Use of water as a weapon of war likely to increase

Kerry Boyd Anderson

The collapse of the Nova Kakhovka dam in Ukraine last week highlighted the role of water in warfare. The use of water as a weapon has a history stretching back into ancient times and it continues today. As climate change intensifies water scarcity, the value of water is likely to increase, thus incentivizing its further use in conflict.
Damage to water infrastructure can be an accidental consequence of war or an intentional act. For example, the Nova Kakhovka dam might have collapsed due to damage sustained during the conflict combined with a lack of regular maintenance since falling under Russian control, or it might have been used as a weapon, intentionally destroyed to cause massive flooding. Russia and Ukraine have blamed each other. While there is a lack of publicly available evidence to be certain, it appears likely that Russian forces destroyed it in order to flood an area where Ukraine might launch a military offensive. When water is deployed as a weapon, it can take several forms. From ancient times to today, destroying or poisoning water sources has been a common tactic. Wells have been poisoned in order to complete a siege, weaken opponents or punish a population. Depriving populations or military forces of water is another tool. From the Assyrians to Daesh, combatants have destroyed wells for military purposes. In other cases, canals, rivers or other water sources are diverted. In one recent example, after Russia’s takeover of Crimea in 2014, Ukraine blocked a canal that carried much of Crimea’s water from the Kakhovka reservoir. Russian forces removed the blockage following its 2022 invasion.
Intentionally flooding an area in order to slow a military advance, damage wartime industry or force soldiers or civilians out into the open also has a long history. Last month marked the 80th anniversary of Operation Chastise, also known as the “Dambusters” raid, a British operation during the Second World War intended to destroy three German dams in the Ruhr valley. Using a special type of bomb, the British forces successfully destroyed two of the three dams, causing flooding that killed hundreds of people, while doing less damage to Germany’s industrial capacity than expected. In another of many examples throughout history, Belgian forces intentionally flooded part of the Yser river in order to slow a German advance during the First World War. Throughout the war between Ukraine and Russia, Russian forces have repeatedly attacked Ukrainian water infrastructure, while Ukraine intentionally flooded some areas to slow Russia’s initial invasion last year. The Nova Kakhovka dam collapse is probably a new addition to the list of such incidents, though on a larger scale than previously seen in this war.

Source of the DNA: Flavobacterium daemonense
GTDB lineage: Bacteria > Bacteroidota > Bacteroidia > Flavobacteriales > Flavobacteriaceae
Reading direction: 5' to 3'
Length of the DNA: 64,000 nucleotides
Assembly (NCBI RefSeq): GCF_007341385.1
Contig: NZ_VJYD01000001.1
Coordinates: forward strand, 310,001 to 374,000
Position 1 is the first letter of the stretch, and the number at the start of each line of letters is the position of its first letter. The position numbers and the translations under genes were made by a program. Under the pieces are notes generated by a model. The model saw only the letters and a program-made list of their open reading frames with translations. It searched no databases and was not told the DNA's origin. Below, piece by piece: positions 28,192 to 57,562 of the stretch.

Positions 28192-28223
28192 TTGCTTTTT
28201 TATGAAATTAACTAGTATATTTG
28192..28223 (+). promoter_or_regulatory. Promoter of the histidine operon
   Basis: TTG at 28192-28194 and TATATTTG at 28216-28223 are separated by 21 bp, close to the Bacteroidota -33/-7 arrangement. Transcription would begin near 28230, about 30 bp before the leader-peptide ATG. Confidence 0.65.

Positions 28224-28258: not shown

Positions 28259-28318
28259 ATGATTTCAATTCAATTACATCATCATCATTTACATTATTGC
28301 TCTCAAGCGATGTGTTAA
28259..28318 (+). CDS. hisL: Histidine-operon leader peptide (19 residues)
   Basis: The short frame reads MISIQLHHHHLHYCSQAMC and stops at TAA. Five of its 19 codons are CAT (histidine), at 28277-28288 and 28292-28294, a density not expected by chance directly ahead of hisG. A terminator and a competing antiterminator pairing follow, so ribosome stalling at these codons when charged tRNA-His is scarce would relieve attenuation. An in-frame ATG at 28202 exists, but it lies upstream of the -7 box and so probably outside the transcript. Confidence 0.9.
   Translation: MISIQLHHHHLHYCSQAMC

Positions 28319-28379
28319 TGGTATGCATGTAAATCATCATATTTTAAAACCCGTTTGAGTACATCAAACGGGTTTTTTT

Sometimes, weaponizing water serves both military and political goals. Israel has restricted water resources to Palestinians as part of larger efforts to displace local populations and undermine Palestinian economic development. The Syrian regime repeatedly used water shortages against civilians and combatants during the Syrian civil war. Upstream states can use water – and the implicit threat of cutting or reducing its flow – as leverage when negotiating with downstream states about a wide range of issues. While history is replete with examples of the strategic and tactical use of water in war and politics, it is unclear whether weaponizing water is often very effective. For example, if Russia destroyed the Nova Kakhovka dam, many experts say it is unlikely to significantly undermine Ukraine’s counteroffensive, while it affected both Russian and Ukrainian-held territory and, according to reports, killed some Russian soldiers.
The recent anniversary of the so-called Dambusters raid highlighted analysis that suggests the raid was far less effective in countering Germany’s war efforts than planned, while coming at a significant cost to British forces and resources. While there are examples of using water to successfully achieve military goals, any force that tries to unleash water against an enemy cannot fully control the water and often faces the risk of blowback onto its own soldiers or assets and the risk of missing its intended target. Water can be used as a weapon almost anywhere in the world, but some regions are particularly prone to the weaponization of water. The Pacific Institute has a list of incidents involving water in conflict that goes back to ancient times. Drawing on the data from 2018 through March 2022, the Middle East and North Africa stands out with the most incidents, followed by the Russia-Ukraine war and then sub-Saharan Africa. It is unsurprising that the world’s most arid region also has the highest number of recent incidents involving water in conflict, and climate change threatens to worsen that record. Efforts to address and adapt to climate change should take the problem of water in conflict seriously.
More broadly, the international community needs to place greater emphasis on addressing the role of water in conflict. Under the additional protocols to the Geneva Conventions, attacks on water infrastructure such as dams can constitute a war crime, particularly if they cause significant harm to civilians. As with all forms of international law, however, much depends on how the international community responds and enforces consequences for such violations. The tragic results of the Nova Kakhovka dam collapse should bring greater attention to the role that weaponizing water is likely to play in the future.